SINCE SUMMER SCHOOL is only one week old, many of its enrolled visitors may still be held transfixed by the Harvard mystique. Oozing tradition and pristine walkways have swayed many to think this place is none other than the epitome of academic utopia. However, a look beyond the University's quaint brick buildings reveals a gaping hole Harvard cultivated in its polished surface this past year.
Most Harvard officials won't talk about it. Somewhat embarrassing, especially because it had to be revived after 10 years of dormancy, the Committee on Rights and Responsibilities (CRR) has been the subject of many Harvard demonstrations and dinner-table discussions during the month of May. Though many debate its role in the University, the CRR is a moot court created mainly to punish political protesters.
The controversy started after two anti-apartheid protests. Activists occupied the Harvard Corporation's headquarters at the end of April in protest of the University's investments in companies doing business in the white-minority-ruled state of South Africa. A little more than a week later, 200 anti-apartheid demonstrators barricaded a visiting South African diplomat in the Lowell House Junior Common Room for two hours.
Responding to these protests, the University reactivated the CRR. So far, charges to go before the court have been filed against 18 students who participated in the two activities. Three seniors will not get diplomas until their cases are heard by the CRR. The committee theoretically requires six students to serve on it, but undergraduates have refused to sit on the body.
The CRR is supposed to punish students who disrupt the "essential processes" of the University or violate the freedom of speech or the freedom of movement of other persons at the University, according to its founding document. However, as the historical record shows, the tribunal has served mainly to punish political radicals who gain a following worthy of being called a "movement."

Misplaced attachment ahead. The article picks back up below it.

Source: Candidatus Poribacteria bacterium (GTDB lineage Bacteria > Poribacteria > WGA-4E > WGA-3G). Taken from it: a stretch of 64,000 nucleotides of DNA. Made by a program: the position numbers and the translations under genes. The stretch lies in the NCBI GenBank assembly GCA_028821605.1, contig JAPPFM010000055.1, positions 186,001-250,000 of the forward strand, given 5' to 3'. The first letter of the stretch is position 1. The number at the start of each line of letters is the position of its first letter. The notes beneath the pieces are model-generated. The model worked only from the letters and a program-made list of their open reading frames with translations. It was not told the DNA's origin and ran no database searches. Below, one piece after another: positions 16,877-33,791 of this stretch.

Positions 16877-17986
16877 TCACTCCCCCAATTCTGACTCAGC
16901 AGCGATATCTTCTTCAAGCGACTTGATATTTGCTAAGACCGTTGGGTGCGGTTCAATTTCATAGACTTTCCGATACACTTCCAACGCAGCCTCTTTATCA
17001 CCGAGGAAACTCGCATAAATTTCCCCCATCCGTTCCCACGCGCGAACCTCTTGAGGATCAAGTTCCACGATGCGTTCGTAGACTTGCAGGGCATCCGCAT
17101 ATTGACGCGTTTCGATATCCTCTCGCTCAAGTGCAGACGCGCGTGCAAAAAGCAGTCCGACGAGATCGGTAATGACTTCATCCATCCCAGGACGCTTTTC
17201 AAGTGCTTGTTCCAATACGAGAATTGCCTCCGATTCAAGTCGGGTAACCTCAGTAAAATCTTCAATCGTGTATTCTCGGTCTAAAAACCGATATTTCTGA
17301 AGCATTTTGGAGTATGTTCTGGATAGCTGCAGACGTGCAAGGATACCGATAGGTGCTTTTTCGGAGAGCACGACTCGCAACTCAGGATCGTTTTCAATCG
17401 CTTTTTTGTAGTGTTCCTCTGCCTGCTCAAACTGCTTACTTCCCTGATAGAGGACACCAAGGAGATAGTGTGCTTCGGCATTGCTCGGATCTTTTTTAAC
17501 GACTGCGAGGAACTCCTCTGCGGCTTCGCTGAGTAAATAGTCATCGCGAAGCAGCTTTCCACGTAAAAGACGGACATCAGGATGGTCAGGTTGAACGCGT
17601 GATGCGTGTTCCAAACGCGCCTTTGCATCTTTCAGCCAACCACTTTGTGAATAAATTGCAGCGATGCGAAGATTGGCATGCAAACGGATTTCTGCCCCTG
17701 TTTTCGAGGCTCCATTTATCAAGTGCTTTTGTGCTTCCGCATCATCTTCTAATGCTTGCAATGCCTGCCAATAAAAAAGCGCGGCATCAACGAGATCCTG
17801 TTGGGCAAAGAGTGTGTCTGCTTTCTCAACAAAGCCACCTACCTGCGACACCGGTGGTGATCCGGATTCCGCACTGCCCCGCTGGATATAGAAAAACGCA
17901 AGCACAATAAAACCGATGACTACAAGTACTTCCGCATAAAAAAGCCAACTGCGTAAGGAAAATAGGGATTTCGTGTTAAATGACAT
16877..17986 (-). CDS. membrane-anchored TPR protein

THE CRR WAS FIRST CREATED during Harvard demonstrations against U.S. involvement in the Vietnam war in the late 1960s and early 1970s. Students took over University Hall several times and sponsored class boycotts during an era when student protests rocked U.S., European and Latin American campuses.
University-affiliates filed grievances with the CRR to bring activist students to trial. Subsequently, most of the students were given warnings, some were temporarily suspended, some expelled and others told never to show then faces at Harvard again.
The court was neither called back to life to punish students after a 1978 building takeover nor to try them for heckling U.S. Secretary of Defense Caspar Weinberger '38 at a speech last year. As far as Faculty legislation is concerned, these incidents certainly warranted CRR action. However, the University probably did not reinstitute the court after those two events because activists did not have an organized backing at the time.
Now activists oppossing Harvard's South African investment policy have garnered enough support from the student body and other American campuses to take symbolic protest action that may eventually lead to real change. The University, through the CRR, wants to apply brakes to the burgeoning movement.
Besides serving mainly to stifle Harvard protesters who choose to demonstrate with more than shouts and chants, the CRR is illegitimate for procedural reasons. Decisions made there cannot be appealed to another body, and the CRR does not make clear what type of evidence it will and will not allow.
The Administrative Board already exists as a disciplinary body. However, the College does not punish activists under this board because it would have to suffer more blame for its actions. Harvard takes full responsibility for Ad Board punishments because it is made up completely of administrators and senior tutors. But under CRR actions, responsibility is partially shifted from the University because students are intended to make up half the court. This makes it seem like activists get punished because their peers, rather than their elders, disapprove of their activity.
So, as you pass Harvard's shady havens and walk its marble staircases this summer remember that at least one anomaly lurks beneath a seemingly immaculate cover. Scratches, nicks and other tarnishes can be found in even the most polished surfaces.